How do people learn to cook a poisonous plant safely
In 1860, Robert Burke and William Wills famously led the first European expedition across the largely unknown interior of Australia.
t did not go well. Due to a combination of poor leadership, bad planning and misfortune, Burke, Wills and their companion John King ran out of food on the return journey.
They became stranded at a stream called Cooper’s Creek, having found no way to carry enough water to cross a stretch of desert to the nearest colonial outpost at the unpromisingly named Mount Hopeless.
“We have been unable to leave the creek,” wrote Wills. “Both camels are dead and our provisions are done. We are trying to live the best way we can.”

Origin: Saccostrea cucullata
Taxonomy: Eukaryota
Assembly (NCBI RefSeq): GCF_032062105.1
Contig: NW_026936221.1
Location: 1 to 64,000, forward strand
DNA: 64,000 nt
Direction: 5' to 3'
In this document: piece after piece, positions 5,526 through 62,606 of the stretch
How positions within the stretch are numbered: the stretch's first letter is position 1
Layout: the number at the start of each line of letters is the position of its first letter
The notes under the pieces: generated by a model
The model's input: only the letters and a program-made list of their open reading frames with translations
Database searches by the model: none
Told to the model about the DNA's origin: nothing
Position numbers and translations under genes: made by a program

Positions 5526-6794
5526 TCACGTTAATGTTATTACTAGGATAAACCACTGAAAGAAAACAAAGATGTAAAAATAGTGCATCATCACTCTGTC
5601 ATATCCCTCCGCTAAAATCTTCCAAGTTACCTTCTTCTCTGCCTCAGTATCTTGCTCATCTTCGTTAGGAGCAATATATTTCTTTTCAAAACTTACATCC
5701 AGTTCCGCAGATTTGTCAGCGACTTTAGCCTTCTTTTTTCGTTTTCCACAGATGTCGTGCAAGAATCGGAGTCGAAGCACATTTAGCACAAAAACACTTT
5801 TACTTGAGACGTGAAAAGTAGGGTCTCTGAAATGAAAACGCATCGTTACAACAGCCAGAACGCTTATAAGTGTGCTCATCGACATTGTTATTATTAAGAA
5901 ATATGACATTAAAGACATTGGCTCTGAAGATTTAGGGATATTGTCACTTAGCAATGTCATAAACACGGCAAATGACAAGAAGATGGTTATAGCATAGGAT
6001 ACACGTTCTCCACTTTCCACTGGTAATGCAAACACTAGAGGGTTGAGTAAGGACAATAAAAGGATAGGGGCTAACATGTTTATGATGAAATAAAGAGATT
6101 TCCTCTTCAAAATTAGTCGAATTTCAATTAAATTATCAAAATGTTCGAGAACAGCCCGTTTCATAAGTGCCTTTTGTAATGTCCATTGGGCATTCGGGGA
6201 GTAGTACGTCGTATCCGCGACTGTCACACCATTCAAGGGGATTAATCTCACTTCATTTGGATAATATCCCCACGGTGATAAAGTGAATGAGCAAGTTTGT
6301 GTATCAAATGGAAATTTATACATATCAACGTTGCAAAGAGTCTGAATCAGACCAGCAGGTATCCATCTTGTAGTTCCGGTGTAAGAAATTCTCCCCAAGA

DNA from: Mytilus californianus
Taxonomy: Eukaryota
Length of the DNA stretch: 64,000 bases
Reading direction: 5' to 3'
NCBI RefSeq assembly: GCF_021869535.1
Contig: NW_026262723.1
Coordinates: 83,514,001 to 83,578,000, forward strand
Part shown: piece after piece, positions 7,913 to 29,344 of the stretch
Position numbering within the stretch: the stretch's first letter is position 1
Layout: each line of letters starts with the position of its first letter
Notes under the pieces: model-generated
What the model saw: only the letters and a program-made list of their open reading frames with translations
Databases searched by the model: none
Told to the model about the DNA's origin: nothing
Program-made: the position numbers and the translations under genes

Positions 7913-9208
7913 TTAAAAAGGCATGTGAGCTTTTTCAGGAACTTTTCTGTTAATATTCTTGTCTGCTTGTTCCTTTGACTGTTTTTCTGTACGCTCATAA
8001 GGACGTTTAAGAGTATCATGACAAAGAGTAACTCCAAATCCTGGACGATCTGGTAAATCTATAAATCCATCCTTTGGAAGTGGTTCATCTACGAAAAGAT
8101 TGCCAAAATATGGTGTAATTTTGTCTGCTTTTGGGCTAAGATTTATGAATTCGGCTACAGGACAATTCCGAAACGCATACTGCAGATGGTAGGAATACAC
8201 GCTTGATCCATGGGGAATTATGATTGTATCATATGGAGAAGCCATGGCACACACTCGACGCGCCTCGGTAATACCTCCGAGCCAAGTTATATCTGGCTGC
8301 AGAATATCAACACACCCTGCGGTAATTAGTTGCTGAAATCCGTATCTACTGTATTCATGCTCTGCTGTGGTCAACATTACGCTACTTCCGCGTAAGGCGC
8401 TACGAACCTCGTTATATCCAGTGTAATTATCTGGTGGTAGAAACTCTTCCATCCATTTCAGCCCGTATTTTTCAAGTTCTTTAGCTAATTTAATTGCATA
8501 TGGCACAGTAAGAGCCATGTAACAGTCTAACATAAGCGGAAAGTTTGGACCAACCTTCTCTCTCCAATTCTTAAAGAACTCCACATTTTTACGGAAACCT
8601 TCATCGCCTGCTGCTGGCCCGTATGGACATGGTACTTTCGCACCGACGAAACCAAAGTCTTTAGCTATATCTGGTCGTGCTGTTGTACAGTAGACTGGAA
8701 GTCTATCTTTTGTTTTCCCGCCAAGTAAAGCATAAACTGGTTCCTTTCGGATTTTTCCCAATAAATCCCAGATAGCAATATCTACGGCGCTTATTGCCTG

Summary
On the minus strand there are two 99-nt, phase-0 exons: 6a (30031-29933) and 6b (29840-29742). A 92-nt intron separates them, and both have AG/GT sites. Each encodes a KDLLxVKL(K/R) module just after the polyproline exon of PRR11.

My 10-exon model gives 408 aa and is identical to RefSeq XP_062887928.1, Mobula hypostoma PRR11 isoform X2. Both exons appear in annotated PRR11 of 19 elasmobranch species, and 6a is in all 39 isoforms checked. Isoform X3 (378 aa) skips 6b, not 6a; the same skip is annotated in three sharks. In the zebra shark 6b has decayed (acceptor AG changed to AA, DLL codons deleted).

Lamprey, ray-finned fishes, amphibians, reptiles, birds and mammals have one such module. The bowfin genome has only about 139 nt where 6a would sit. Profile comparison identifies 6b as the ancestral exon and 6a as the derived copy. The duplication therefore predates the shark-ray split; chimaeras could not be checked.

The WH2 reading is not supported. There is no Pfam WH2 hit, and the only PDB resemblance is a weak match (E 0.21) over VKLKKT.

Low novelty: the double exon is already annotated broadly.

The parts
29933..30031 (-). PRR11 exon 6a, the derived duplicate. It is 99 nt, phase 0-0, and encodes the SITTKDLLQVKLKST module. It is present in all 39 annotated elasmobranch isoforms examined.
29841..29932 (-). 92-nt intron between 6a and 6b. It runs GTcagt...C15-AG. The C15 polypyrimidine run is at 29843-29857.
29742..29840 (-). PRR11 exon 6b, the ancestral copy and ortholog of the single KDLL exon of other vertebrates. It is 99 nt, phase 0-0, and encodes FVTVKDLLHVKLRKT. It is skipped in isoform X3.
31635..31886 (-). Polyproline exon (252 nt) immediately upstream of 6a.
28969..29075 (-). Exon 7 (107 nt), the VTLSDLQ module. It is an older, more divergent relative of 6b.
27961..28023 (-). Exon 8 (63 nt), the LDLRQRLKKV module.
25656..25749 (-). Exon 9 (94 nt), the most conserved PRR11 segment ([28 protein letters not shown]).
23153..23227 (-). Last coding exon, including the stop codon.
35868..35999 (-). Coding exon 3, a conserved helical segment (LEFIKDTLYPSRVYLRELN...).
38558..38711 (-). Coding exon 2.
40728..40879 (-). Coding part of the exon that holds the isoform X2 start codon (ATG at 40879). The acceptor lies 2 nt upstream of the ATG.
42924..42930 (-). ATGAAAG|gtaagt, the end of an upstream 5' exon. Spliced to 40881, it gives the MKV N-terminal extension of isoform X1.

The local Yandruwandha people seemed to thrive despite the conditions that were proving so tough for Wills’s party.
The Yandruwandha gave the explorers cakes made from the crushed seed pods of a clover-like fern called nardoo
Burke then fell out with them and, unwisely, drove them away by firing his pistol.
But perhaps the trio had already learned enough to survive? They found fresh nardoo and decided to make their own cakes. At first, all seemed well. The nardoo cakes satisfied their appetites, yet they felt ever weaker.
Within a week, Wills and Burke were dead. It turns out that safely preparing nardoo is a complex process.
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